There’s no other way about it, 49ers running back Trey Sermon had a disappointing rookie season, and that trend will need to change soon if he wants a clear role.
San Francisco 49ers second-year running back Trey Sermon is already facing a crossroads at this point in his young NFL career.
Having lost a depth-chart battle his first year in the pros to another Niners rookie a year ago, Elijah Mitchell, Sermon ultimately found himself towards the back end of head coach Kyle Shanahan’s priority list throughout the bulk of 2021, which cast some serious doubt on whether or not San Francisco was justified using a Round 3 NFL Draft pick on the former Ohio State tailback, long before Mitchell was drafted in Round 6.
And while there were some modest flashes early in the season for Sermon, by year’s end, he was something of a forgotten commodity.
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Sermon got two starts early in the year in the wake of injuries to Mitchell and now-Miami Dolphins running back Raheem Mostert, yet Shanahan opted to feature Mitchell and fellow running back Jeff Wilson Jr. much more during the latter half of the year to the point where Sermon didn’t see the field at all for the final six games of the regular season and the 49ers’ first two playoff games.
Not exactly a hefty endorsement.
Heading into 2022, it’s safe to assume Sermon is in a place where he doesn’t want to be: Shanahan’s doghouse.
And while it might be premature for the Niners to give up on their third-round draftee prematurely, he’ll want to make sure he sets himself right entering 2022.
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It’s going to be difficult for Sermon to usurp Mitchell on the depth chart this season, but that doesn’t mean San Francisco lacks a clear-cut role for the former. And even though Mostert is no longer in the picture, Sermon still faces some hefty competition to assert himself as high as possible.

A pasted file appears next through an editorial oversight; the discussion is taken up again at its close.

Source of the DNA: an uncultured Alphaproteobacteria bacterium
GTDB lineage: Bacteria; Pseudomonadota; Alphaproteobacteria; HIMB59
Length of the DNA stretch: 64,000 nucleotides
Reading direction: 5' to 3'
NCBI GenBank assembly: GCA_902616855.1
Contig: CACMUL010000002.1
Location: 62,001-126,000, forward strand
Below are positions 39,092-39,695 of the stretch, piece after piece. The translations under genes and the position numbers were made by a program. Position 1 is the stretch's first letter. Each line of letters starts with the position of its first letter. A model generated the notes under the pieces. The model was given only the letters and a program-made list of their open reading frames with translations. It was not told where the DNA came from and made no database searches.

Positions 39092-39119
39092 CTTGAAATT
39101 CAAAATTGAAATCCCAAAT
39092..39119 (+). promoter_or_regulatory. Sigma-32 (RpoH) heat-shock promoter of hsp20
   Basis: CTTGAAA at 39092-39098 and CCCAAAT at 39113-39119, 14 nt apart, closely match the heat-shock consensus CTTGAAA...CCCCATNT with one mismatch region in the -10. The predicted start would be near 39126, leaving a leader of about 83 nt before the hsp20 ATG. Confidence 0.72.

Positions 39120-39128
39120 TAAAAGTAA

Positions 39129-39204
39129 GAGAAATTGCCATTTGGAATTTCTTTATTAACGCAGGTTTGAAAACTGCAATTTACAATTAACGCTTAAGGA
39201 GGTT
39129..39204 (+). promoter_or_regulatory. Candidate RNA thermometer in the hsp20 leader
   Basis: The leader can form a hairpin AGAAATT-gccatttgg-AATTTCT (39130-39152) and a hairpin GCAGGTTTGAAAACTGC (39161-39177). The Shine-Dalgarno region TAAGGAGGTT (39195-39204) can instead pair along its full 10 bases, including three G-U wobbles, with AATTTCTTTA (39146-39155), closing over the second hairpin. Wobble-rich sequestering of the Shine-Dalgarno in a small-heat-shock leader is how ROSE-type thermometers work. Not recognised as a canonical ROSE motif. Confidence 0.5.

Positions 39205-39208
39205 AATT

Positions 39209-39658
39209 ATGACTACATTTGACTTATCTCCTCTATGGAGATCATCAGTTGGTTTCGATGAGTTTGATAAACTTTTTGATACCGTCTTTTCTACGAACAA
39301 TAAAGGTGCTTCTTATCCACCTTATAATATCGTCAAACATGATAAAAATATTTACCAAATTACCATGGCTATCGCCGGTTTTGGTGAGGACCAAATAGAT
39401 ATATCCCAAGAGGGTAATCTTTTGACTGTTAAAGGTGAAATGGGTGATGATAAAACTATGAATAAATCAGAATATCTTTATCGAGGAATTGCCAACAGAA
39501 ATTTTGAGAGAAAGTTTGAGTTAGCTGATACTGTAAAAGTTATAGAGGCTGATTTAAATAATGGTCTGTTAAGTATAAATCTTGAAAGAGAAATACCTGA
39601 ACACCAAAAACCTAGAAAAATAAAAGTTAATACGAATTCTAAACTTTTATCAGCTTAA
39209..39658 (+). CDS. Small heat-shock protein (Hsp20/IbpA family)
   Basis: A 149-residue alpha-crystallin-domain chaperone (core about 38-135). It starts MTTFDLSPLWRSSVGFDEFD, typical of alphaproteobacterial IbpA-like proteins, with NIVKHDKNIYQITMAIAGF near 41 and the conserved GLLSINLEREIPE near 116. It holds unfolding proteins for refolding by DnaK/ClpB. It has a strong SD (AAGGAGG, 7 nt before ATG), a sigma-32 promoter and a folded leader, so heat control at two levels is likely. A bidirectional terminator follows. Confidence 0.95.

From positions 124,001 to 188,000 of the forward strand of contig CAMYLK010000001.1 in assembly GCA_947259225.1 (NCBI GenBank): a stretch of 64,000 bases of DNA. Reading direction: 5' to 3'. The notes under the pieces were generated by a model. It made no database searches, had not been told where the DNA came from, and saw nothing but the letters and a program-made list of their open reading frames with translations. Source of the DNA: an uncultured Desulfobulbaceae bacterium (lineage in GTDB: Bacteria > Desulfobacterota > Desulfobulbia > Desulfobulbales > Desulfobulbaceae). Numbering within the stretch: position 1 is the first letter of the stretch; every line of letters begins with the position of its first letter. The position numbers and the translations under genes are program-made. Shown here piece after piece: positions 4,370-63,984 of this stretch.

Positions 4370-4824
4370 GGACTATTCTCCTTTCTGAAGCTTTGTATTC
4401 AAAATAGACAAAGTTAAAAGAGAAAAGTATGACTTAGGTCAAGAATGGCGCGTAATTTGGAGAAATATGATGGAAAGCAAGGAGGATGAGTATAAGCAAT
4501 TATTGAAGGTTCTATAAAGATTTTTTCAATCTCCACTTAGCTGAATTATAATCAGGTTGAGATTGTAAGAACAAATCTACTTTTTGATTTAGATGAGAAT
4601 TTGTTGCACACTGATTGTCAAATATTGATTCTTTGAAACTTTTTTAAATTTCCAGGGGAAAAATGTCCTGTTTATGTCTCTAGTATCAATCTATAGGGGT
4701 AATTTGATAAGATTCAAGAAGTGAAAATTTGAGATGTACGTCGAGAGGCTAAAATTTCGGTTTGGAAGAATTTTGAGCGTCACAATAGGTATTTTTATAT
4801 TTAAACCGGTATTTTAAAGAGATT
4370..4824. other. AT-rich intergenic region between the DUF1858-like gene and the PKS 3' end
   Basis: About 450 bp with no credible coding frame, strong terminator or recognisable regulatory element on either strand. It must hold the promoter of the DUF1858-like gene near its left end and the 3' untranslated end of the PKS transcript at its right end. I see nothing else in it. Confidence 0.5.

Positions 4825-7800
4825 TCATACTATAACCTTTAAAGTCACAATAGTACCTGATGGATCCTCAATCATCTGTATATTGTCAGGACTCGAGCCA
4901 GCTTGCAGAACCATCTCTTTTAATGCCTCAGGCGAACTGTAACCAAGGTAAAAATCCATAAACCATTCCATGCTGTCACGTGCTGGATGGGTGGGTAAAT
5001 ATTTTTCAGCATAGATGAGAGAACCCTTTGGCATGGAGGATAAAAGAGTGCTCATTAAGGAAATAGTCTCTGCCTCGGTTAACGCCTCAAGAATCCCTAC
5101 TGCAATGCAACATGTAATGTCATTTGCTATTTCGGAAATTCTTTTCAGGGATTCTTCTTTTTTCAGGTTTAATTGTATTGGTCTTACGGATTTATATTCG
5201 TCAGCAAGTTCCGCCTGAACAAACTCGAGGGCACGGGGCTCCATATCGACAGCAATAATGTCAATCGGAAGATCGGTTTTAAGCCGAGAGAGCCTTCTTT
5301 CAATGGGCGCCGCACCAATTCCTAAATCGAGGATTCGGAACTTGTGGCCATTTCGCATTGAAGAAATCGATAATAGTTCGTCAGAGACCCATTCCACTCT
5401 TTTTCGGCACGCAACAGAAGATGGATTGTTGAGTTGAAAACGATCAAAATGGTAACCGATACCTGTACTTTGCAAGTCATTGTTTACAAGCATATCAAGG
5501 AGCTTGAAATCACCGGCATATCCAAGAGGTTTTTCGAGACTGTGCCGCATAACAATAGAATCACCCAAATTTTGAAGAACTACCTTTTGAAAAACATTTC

A sense of urgency should matter here, and it isn’t as if Sermon lacked production at the collegiate level, helping carry the Buckeyes during their playoff run into January of 2021. Additionally, when Sermon was at Oklahoma, his 947 rush yards and 13 touchdowns stood out.
Decisiveness was one apparent element lacking in Sermon’s game his rookie season, yet a full year to digest this shortcoming in tandem with additional tutelage from the 49ers’ new running backs coach, Anthony Lynn, spells a new context in which Sermon might actually turn a serious page.
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Netting a mere 167 rush yards in year one isn’t promising by any means, and the fact the Niners didn’t rely on him much at all during their playoff run doesn’t bode well for his immediate future.
The aforementioned decisiveness, or lack thereof, might not be an aspect Sermon simply “turns on” his second year in the NFL, and there’s a scenario in which San Francisco might not give him much of a chance anyway.
A big reason is due to the 49ers using another third-round pick on a running back in this year’s draft, LSU’s Tyrion Davis-Price, who might have been considered a reach but still testifies to the notion that the Niners aren’t sold on Sermon going forward.
Should Davis-Price wind up receiving more attention in training camp and into the regular season, Sermon likely stays in the doghouse, a place that can be difficult to emerge from.
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We can probably look at Davis-Price’s addition as a threat to Sermon’s role but not necessarily to his roster spot in 2022.
San Francisco isn’t likely to completely give up on Sermon just yet, and considering Shanahan has dealt both with running back injury attrition and prefers to use a committee approach anyway, the 49ers surely seem poised to retain Sermon as a reserve at the very least.
In this regard, he might still be on the bubble but at least on the stronger side of it. What counts is where he’ll fall on the depth chart.
Mitchell might not start much, as Shanahan typically features his explosive running backs later in games, and Davis-Price could get the nod here. However, Sermon may want to be the 2022 rookie’s chief competitor, and at best, it’s theoretically possible the second-year pro emerges victorious in that camp competition.
At a minimum, though, Sermon has to beat out depth rushers like Wilson, JaMycal Hasty and undrafted rookie Jordan Mason to ensure his spot.
Doing the latter would be an improvement over his 2021 campaign, but Sermon can’t be satisfied at just stopping there.